Written for the daily post challenge (http://dailypost.wordpress.com/2012/11/05/weekly-writing-challenge-a-picture-is-worth-1000-words/) . A bit longish.

I always end up writing for it after the week’s ended. Oh well, it was fun anyway.



I remember that day with brilliant clarity. Like people remember what they were doing on the day of John F Kennedy’s murder.

There was nothing in the day itself to say how it would turn out. An uncertain sort of day it was, would lend itself to either happiness or drudgery it seemed without being too choosy about it. Bright and sunshiny it was that time, the sort that made people want to sit in the shade and sip cool drinks and do nothing else. Not for me, however. I was up and about, wanting to make the most of the sun and soak it up in my bones before the snow started.

 I was walking around to the next block but one, and there they were. Getting ready for the shot. Their first time, I thought. Heck, no one in that area ever invited the picture man over to take a picture. I had only ever seen him set up his equipment far away in the city block for the office type people. These were probably the first family pictures he was taking. I looked at them all dolled up, the little girl as pretty as a princess. She flashed a chubby smile at me most mornings, and asked me nicely how de’do? Her brother, he was the silent one. Never greeted me, or anyone, just stood by as his sister made friends with and charmed the whole world. Took on his dad I think, who mostly had a grunt or a hi for people. His wife; now that lady she passed on her charm to her daughter.

 Today she smiled at me while readying her daughter, while the little miss chattered away on how they were going to ‘make a pikkchur’ and ‘show it to eberybone in sshkool’ and how all her friends ‘aregonna wantto make a pikkchur also and aregonna askme bout my pink dress that nana gimme on krishtmash’.

 Finally the miss was ready. Her dad called her over and she skipped to him, clutched his hand, pulled her little black purse higher with the other, and gave one of those sunny smiles to her mother. The brother looked on impassively for one so young. No joy in him. He was a bit older than the girl, I’d think, but not so much so to be left joyless by the world. The mama stood up and came to my side. When I see’d her, she said the first one was just for them three, and she would go in the next one for a family picture. There is no occasion she says, they were just always wanting to get pictures made and the daddy had finally agreed.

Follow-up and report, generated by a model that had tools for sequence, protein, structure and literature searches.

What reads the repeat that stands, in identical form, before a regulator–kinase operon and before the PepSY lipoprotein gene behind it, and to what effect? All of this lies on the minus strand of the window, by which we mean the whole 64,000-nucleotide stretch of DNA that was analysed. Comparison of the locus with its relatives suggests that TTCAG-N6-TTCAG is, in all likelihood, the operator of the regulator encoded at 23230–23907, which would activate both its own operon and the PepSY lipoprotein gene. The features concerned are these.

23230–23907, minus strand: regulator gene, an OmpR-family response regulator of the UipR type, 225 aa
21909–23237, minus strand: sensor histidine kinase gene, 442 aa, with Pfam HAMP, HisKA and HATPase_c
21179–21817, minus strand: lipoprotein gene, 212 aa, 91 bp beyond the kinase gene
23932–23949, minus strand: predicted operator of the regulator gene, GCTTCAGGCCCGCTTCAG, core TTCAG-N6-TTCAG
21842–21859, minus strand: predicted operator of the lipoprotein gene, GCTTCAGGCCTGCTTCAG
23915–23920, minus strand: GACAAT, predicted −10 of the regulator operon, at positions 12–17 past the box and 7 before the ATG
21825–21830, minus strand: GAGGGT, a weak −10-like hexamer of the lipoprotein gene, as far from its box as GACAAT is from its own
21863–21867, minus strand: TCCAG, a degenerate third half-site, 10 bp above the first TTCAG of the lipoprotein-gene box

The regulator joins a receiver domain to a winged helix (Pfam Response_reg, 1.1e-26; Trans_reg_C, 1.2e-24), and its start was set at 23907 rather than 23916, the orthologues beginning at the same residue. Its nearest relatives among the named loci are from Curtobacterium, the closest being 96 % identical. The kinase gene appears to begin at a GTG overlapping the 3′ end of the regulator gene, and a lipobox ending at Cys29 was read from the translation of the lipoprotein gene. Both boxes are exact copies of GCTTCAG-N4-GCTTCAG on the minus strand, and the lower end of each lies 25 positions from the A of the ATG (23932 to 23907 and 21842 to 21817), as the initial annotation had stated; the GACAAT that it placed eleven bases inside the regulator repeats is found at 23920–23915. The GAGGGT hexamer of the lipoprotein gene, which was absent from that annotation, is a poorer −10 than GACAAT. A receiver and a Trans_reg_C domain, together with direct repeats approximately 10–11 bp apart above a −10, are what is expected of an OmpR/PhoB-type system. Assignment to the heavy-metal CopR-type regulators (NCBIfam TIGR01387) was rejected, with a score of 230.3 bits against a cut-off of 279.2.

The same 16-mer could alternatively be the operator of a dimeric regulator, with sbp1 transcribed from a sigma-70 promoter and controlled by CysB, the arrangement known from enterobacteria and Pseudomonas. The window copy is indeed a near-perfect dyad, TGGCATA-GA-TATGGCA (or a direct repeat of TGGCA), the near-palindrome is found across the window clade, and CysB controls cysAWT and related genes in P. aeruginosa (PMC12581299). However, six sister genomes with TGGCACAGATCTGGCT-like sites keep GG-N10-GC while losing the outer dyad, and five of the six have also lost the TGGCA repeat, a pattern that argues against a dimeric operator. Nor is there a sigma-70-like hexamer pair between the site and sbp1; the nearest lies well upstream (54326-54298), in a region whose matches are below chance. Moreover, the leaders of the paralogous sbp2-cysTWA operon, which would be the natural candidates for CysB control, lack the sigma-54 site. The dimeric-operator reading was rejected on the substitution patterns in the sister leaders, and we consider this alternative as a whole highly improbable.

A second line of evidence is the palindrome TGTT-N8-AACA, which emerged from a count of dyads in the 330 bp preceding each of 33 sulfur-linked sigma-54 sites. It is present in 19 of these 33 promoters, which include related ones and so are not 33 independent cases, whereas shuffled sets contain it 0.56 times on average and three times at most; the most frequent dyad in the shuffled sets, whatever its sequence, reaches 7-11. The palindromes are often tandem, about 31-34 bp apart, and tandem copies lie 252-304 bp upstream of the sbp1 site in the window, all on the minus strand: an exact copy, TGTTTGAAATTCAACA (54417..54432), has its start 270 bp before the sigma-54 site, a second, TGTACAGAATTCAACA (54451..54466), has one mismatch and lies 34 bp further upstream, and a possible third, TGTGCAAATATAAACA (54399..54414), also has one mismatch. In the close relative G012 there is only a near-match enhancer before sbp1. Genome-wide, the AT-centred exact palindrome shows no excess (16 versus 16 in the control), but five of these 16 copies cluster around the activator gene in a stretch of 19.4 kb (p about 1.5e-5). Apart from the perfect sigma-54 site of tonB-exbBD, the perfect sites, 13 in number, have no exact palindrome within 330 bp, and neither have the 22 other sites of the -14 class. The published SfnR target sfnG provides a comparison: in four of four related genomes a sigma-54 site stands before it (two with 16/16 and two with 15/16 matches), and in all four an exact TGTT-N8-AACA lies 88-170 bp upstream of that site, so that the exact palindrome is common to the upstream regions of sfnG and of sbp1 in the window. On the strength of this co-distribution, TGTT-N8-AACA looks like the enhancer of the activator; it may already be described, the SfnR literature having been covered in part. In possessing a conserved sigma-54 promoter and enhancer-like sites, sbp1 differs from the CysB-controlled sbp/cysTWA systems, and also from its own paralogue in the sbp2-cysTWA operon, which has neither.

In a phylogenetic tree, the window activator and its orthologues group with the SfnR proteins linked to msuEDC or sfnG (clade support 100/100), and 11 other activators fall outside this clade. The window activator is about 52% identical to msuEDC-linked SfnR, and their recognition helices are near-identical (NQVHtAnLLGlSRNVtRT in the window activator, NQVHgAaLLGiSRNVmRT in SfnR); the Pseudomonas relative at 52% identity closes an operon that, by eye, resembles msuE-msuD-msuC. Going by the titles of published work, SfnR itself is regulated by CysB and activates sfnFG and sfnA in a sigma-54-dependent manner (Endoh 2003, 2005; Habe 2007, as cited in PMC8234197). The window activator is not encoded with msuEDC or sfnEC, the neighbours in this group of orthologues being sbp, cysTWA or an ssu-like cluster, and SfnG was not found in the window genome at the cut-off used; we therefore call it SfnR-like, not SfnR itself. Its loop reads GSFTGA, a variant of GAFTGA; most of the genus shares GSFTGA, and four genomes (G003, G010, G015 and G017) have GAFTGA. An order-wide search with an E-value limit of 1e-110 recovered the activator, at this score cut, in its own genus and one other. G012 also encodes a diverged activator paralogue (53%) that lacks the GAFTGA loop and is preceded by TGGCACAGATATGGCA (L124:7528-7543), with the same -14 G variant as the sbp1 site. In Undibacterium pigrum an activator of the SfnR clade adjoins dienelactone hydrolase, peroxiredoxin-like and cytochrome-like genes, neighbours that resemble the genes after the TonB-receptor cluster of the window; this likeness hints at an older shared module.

Well, then what else is there you are wanting to know? The picture man lined them up while the mama stood near me. He ducked behind his machine and called out to smile. Not that he needed to have bothered for who listened? The miss was already smiling, and no amount of ‘Smile Please’ would make the other two do so. Then his light bulb went off with the sound.

 Before he even straightened his posture, there was another flash and a sound like another bulb going off, only much louder. Then there were two more.

Before we could reach them, they were all down. The mama next to me keened very high and crumpled down where she was. The picture man ran for a neighbour, I ran to the little miss. She was still smiling chubbily and her pretty pink dress had a red red spot. Guess the day finally made up its mind not to go well.

 I finally git why the boy was always unhappy, why he stood away from his father in the picture. What I never git was why the daddy excluded the mama, why he wanted her to see and not be part of it. We all guessed a lot after that, but who knows a dead man’s mind?

 And that is why I can never forget that day. I can remember it as clearly as other people remember what they were doing on the day of John Kennedy’s murder.